Last week, my recently launched consulting firms –Jeffrey Hollender Partners and CommonWise – hosted the senior leadership team of the Mondragon Cooperative Cooperation for a discussion about the role cooperatives can play in addressing the social and economic challenges that increasingly dominate the globe.

In attendance were:

  • Arantza Laskurain Arteche, General Secretary of MONDRAGON Corporación;
  • Josu Ugarte, President Mondragon International;
  • Fernando Fernandez de Landa Ocharan Director of the Americas for Mondragon International; and
  • Michael Alden Peck, the Mondragon North American Delegate.

They joined a group of New York-based community development activists, entrepreneurs, foundations, academics and policy advisors.

We explored topics that included:

  • What are Mondragan’s most important accomplishments?
  • What can business in the US learn from the Mondragon experience?
  • Why is the cooperative movement so critical to a world facing an economic and social crisis?
  • What are the biggest challenges facing the cooperative movement?

This summer, I experienced Mondragon first-hand when I visited with members of the MIT CoLab.  During that time, our dialogue centered on a commitment to human dignity that is all but absent in most of corporate America today. While we have become immune to headlines that announce 5, 10, 20 or even 30,000 employees who are scheduled to be terminated, Mondragon, a $20 billion enterprise, agonizes over the loss of a single job.

Recently, Mondragon’s General Assembly, it’s largest body, voted to reduce wages across the board for all workers rather than put the jobs of workers at one of over a hundred businesses at risk. Of equal note is the fact that the senior management of the enterprise makes no more than seven times the lowest paid worker.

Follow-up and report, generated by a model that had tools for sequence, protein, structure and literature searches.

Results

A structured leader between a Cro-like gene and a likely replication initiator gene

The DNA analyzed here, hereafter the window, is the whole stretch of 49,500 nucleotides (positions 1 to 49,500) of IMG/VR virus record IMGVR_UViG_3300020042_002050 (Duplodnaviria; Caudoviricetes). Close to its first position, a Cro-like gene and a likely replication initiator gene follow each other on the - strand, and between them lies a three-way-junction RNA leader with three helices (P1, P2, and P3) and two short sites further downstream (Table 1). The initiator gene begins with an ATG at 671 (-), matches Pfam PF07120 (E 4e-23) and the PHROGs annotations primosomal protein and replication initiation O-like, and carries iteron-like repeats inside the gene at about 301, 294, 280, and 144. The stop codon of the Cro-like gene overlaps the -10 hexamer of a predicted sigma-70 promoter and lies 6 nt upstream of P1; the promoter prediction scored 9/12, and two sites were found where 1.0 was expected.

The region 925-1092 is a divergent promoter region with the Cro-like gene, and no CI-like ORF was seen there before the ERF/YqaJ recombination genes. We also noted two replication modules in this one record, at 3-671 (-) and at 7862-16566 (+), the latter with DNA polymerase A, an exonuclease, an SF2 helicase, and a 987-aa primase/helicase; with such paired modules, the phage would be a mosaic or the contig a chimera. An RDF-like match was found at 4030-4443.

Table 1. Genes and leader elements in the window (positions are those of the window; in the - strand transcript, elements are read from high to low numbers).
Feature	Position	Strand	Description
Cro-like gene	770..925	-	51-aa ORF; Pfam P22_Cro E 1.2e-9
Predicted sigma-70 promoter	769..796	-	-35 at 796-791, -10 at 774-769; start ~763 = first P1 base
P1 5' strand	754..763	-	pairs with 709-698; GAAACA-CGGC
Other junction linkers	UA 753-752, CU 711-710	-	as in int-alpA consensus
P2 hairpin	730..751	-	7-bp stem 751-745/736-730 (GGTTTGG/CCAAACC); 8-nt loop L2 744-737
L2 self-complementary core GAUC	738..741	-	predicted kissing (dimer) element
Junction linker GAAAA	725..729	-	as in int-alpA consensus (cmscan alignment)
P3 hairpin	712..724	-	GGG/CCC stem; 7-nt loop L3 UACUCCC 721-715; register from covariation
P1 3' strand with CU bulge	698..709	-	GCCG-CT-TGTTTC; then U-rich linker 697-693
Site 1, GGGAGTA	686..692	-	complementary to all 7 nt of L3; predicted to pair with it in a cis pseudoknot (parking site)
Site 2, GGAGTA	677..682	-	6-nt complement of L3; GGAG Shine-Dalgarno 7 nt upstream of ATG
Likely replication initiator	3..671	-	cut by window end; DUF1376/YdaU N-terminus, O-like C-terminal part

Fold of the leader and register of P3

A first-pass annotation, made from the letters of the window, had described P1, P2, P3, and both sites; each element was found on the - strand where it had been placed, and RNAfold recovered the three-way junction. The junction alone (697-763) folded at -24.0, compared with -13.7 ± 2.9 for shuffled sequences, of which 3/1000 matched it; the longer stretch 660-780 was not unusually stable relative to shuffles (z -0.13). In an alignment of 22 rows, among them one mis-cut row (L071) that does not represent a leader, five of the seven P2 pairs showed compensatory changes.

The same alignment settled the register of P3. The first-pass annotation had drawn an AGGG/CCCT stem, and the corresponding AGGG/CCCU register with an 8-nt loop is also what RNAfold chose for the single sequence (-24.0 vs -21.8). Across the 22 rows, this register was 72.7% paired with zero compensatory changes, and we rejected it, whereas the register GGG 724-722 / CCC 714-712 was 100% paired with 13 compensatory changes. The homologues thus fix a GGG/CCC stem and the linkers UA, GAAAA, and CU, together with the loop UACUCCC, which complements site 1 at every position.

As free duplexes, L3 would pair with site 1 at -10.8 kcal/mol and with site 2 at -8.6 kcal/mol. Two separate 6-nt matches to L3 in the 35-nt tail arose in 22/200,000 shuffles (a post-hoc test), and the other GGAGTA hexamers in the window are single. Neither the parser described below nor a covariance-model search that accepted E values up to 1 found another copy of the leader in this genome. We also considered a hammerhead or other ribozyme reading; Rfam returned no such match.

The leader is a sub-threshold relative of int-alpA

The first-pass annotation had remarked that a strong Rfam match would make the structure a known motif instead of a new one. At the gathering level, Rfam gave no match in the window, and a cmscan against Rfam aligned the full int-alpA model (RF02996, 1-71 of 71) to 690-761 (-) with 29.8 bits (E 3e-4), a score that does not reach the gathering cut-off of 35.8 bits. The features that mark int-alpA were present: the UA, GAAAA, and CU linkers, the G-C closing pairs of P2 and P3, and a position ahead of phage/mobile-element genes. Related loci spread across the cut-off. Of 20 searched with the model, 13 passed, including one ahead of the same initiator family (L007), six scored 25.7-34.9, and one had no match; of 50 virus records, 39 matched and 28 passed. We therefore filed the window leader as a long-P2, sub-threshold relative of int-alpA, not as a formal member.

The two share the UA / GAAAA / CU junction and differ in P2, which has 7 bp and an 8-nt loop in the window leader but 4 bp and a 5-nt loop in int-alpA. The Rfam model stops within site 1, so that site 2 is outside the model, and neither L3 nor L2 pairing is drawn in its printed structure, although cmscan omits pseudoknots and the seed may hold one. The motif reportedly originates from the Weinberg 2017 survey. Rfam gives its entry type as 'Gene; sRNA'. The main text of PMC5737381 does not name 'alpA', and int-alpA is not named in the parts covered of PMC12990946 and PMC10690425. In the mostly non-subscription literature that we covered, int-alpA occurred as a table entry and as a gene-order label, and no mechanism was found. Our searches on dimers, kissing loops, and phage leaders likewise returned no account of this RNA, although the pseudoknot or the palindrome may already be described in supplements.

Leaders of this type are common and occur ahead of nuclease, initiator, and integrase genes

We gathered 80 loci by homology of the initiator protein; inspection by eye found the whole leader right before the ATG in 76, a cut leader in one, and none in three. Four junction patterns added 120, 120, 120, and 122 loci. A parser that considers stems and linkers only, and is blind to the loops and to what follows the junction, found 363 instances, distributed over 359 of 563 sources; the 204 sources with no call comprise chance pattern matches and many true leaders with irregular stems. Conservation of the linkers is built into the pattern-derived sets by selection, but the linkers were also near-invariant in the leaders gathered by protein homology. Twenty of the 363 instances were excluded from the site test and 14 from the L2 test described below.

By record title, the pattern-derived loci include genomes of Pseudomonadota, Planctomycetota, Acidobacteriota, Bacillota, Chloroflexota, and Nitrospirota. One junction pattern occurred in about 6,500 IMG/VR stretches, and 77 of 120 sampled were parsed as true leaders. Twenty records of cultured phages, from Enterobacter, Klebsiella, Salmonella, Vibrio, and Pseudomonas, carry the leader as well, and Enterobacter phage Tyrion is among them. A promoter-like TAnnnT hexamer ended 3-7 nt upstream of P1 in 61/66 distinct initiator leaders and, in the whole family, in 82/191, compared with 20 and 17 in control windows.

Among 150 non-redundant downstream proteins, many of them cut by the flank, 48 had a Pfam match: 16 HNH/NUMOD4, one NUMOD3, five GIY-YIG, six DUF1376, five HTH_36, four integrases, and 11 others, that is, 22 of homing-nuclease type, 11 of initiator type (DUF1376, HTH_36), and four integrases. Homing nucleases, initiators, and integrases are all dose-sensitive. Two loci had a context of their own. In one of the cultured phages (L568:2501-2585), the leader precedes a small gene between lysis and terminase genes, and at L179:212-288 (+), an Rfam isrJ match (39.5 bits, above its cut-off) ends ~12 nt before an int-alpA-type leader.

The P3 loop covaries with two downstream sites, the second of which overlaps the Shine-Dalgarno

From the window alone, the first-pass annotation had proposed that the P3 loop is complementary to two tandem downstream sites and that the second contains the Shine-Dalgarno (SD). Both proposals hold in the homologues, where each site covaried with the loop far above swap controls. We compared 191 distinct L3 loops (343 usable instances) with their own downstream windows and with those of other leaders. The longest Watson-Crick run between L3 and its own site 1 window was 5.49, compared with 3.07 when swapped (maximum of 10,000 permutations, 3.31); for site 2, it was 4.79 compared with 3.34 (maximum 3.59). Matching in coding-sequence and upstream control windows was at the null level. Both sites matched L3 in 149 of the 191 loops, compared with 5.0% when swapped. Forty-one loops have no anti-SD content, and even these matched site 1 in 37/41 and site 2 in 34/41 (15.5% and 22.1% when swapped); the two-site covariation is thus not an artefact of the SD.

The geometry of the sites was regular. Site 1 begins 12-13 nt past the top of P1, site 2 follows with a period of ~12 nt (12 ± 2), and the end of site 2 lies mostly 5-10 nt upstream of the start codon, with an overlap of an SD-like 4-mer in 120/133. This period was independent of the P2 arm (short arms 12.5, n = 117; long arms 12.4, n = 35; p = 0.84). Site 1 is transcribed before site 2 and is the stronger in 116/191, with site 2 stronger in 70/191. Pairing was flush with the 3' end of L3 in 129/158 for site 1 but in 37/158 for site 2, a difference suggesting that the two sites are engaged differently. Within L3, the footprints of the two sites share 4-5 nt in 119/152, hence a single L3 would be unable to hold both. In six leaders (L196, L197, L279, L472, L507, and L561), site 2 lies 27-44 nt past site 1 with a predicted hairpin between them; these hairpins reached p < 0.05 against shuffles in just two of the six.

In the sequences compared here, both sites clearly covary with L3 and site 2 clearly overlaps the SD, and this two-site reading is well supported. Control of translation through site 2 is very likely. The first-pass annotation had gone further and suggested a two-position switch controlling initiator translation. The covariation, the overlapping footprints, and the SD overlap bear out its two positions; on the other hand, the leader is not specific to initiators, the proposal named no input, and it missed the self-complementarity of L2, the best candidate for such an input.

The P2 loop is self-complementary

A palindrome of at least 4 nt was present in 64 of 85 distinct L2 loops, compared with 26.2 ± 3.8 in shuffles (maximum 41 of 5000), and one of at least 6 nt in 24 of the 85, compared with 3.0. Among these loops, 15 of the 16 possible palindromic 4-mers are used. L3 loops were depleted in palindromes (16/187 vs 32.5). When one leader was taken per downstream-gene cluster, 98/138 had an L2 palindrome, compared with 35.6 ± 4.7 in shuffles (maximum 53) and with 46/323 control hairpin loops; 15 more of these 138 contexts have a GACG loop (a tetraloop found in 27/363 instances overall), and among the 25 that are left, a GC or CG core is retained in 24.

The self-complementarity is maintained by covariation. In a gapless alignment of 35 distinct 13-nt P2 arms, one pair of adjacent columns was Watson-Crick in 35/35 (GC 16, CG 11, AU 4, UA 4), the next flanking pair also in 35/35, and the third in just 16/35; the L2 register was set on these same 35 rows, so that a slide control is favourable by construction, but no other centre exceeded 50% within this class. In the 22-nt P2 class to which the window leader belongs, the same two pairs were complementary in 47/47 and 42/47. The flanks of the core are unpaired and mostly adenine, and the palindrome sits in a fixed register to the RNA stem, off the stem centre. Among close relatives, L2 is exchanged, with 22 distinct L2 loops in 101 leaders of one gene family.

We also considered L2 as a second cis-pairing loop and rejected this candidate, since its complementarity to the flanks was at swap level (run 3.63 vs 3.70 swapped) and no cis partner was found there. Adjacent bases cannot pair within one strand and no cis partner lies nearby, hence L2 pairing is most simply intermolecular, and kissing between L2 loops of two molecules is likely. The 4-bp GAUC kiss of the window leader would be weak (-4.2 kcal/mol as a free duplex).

As we explored the unique attributes of Mondragon, its culture and education were central and recurring themes. The integrity of the whole cannot be guarded by a small group of individuals, but only through the commitment and ongoing education of the whole community.

While cooperatives play a significant role in our global economy, most of the companies that dominate the US cooperative landscape are not worker cooperatives. Our largest cooperative businesses are producer, consumer or purchasing cooperatives. These organizations are very different than worker cooperatives, in that true cooperatives are businesses that are owned by and managed by their workers.

It is worker cooperatives that are the most effective in the broad distribution of wealth and the democratic management that runs counter to our top down, hierarchical approach to designing organizations.

Everyone in the room was deeply touched by the passion and deep commitment to business that puts people first, before profits.

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